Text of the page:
Ezra: The first that came to my mind is Pachelbel’s Canon. it has a pure beauty and harmony and explores harmony in the whole spectrum of the major musical scale. Here is a link to Pachelbel’s Canon from Wikipedia.
MyWinePal: Are there other new and exciting wines from Summerhill you would like to tell us about?
Ezra: Yes, this year, 2012 we released our first Meritage, 2008, called OM (and standing for Organic Meritage). Cabernet Franc dominated with 30% Cabernet Sauvignon, and 9% Merlot. We released it in June and sold out in the first weeks of August. We are now blending the 2010 vintage, skipping 2009. I am excited to develop that brand. I think Cabernet Franc is special, especially in the central valley; Okanagan Falls, Kaleden, and Skaha areas. We have finer soils here than some parts of the south, the wines have more structure and acidity. I think the Cabernet Franc here is very special.
MyWinePal: Why was OM flying off the shelves? Was it from the Cabernet Francophiles, or word of mouth?
Ezra: It was the flavor of the wines. We didn’t promote it. We entered in 1 competition and it scored 93 points in Chicago. This wine sold over the counter in the wine shop.
MyWinePal: Do you like being rated on a point system?
Ezra: It is interesting that sometimes wines can be overlooked especially when they are in a lineup with 100 wines being rated in a day. For example our 2009 Riesling to me was very beautiful, delicate and light, high acid, a little unfermented residual sugar. A very classic, balanced Germanic style Riesling. It kept getting silver medals, 88 points. I think if someone rated it on its own it would have rated differently. It matters where u are in the lineup. Last year I still had 600-700 cases to sell, and was entering wines for the 2011 Okanagan Fall Wine Festival. Even though the 2010 vintage wasn’t released yet, I put in the 2010 because it is more showy than the 2009. It has higher sugar and acid and higher intensity. It won White Wine of the Year. Six months later before I ran out of 09, I decided to keep the last pallet. I sent out a 09 and 10 together to some critics to taste. I felt vindicated that the more delicate 2009 scored higher than the showier 2010 wine.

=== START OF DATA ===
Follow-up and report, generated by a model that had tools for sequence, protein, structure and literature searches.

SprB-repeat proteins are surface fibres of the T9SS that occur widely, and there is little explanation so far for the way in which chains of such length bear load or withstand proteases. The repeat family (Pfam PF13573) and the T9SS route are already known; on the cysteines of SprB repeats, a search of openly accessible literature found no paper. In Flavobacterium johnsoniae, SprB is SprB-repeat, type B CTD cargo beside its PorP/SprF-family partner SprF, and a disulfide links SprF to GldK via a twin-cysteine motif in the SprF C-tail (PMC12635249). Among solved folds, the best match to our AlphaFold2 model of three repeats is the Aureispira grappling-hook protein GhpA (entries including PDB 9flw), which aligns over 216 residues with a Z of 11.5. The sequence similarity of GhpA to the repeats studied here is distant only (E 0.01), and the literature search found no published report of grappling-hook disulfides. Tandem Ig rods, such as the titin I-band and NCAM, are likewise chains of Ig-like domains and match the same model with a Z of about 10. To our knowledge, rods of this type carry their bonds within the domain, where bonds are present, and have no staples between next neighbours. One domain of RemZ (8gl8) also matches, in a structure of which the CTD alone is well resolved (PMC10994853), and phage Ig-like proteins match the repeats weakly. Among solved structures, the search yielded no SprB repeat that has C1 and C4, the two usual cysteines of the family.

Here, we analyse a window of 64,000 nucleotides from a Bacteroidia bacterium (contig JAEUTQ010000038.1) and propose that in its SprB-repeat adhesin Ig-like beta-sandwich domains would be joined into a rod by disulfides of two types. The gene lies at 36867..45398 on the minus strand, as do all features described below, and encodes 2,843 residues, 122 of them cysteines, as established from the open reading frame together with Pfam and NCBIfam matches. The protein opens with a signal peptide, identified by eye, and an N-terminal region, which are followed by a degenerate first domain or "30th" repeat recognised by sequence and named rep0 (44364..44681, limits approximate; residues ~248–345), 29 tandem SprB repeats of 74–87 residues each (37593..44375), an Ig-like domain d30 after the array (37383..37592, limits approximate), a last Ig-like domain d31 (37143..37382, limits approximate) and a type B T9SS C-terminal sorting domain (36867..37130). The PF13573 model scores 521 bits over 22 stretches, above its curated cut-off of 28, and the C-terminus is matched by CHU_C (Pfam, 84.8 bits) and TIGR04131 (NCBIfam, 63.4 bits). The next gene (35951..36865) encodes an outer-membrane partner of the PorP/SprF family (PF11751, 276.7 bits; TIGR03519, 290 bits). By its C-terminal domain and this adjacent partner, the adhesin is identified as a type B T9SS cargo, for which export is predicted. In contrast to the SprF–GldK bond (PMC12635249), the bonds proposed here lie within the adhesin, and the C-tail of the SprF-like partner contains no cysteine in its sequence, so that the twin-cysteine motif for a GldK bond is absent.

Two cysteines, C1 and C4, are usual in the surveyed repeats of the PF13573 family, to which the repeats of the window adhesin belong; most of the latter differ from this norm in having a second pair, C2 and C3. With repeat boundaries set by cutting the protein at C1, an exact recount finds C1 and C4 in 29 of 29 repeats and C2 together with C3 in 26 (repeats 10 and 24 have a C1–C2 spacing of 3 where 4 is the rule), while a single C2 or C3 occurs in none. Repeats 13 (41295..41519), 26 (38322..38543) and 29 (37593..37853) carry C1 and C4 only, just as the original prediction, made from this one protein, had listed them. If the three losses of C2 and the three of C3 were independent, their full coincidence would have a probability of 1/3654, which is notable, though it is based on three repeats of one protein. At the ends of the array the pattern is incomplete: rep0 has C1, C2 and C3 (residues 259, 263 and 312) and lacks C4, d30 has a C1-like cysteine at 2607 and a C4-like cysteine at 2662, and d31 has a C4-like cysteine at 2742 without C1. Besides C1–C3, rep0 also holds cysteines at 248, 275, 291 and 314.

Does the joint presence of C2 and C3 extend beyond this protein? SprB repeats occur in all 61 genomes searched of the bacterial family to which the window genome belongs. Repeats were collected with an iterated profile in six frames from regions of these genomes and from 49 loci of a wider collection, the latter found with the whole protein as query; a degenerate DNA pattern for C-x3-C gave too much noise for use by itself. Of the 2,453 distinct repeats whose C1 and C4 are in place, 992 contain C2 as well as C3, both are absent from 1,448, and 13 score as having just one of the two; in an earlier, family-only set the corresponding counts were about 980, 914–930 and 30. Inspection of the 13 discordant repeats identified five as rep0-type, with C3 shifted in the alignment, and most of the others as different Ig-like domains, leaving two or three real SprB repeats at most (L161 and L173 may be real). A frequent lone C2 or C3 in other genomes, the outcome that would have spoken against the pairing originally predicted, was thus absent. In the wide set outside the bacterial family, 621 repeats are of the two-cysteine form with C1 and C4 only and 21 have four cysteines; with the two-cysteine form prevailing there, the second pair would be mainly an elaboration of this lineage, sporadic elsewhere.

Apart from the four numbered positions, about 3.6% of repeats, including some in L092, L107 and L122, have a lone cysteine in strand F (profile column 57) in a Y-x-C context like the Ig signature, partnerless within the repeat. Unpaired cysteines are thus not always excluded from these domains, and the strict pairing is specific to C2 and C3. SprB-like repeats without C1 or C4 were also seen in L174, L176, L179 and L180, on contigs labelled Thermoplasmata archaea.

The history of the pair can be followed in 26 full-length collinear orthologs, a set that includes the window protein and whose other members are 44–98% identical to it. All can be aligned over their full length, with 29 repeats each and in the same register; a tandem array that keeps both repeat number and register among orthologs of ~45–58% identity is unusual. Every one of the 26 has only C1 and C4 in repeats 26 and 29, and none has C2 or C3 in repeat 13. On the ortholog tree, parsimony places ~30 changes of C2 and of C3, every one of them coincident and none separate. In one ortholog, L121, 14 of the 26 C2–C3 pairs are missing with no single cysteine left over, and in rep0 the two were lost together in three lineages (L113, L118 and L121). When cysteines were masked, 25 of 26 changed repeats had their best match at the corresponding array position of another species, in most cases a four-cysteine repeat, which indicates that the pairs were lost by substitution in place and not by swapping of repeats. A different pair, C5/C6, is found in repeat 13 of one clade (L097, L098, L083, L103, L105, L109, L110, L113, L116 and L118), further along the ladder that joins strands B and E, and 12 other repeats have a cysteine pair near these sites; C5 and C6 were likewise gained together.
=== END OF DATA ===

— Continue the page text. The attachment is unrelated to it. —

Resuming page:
Many thanks to Ezra for sharing his time with me. I look forward to meeting with him again; this time hopefully at the Summerhill Winery in Kelowna. I hope you enjoyed the discussion. Please add your comments about visits you may have had to the winery this summer or other times.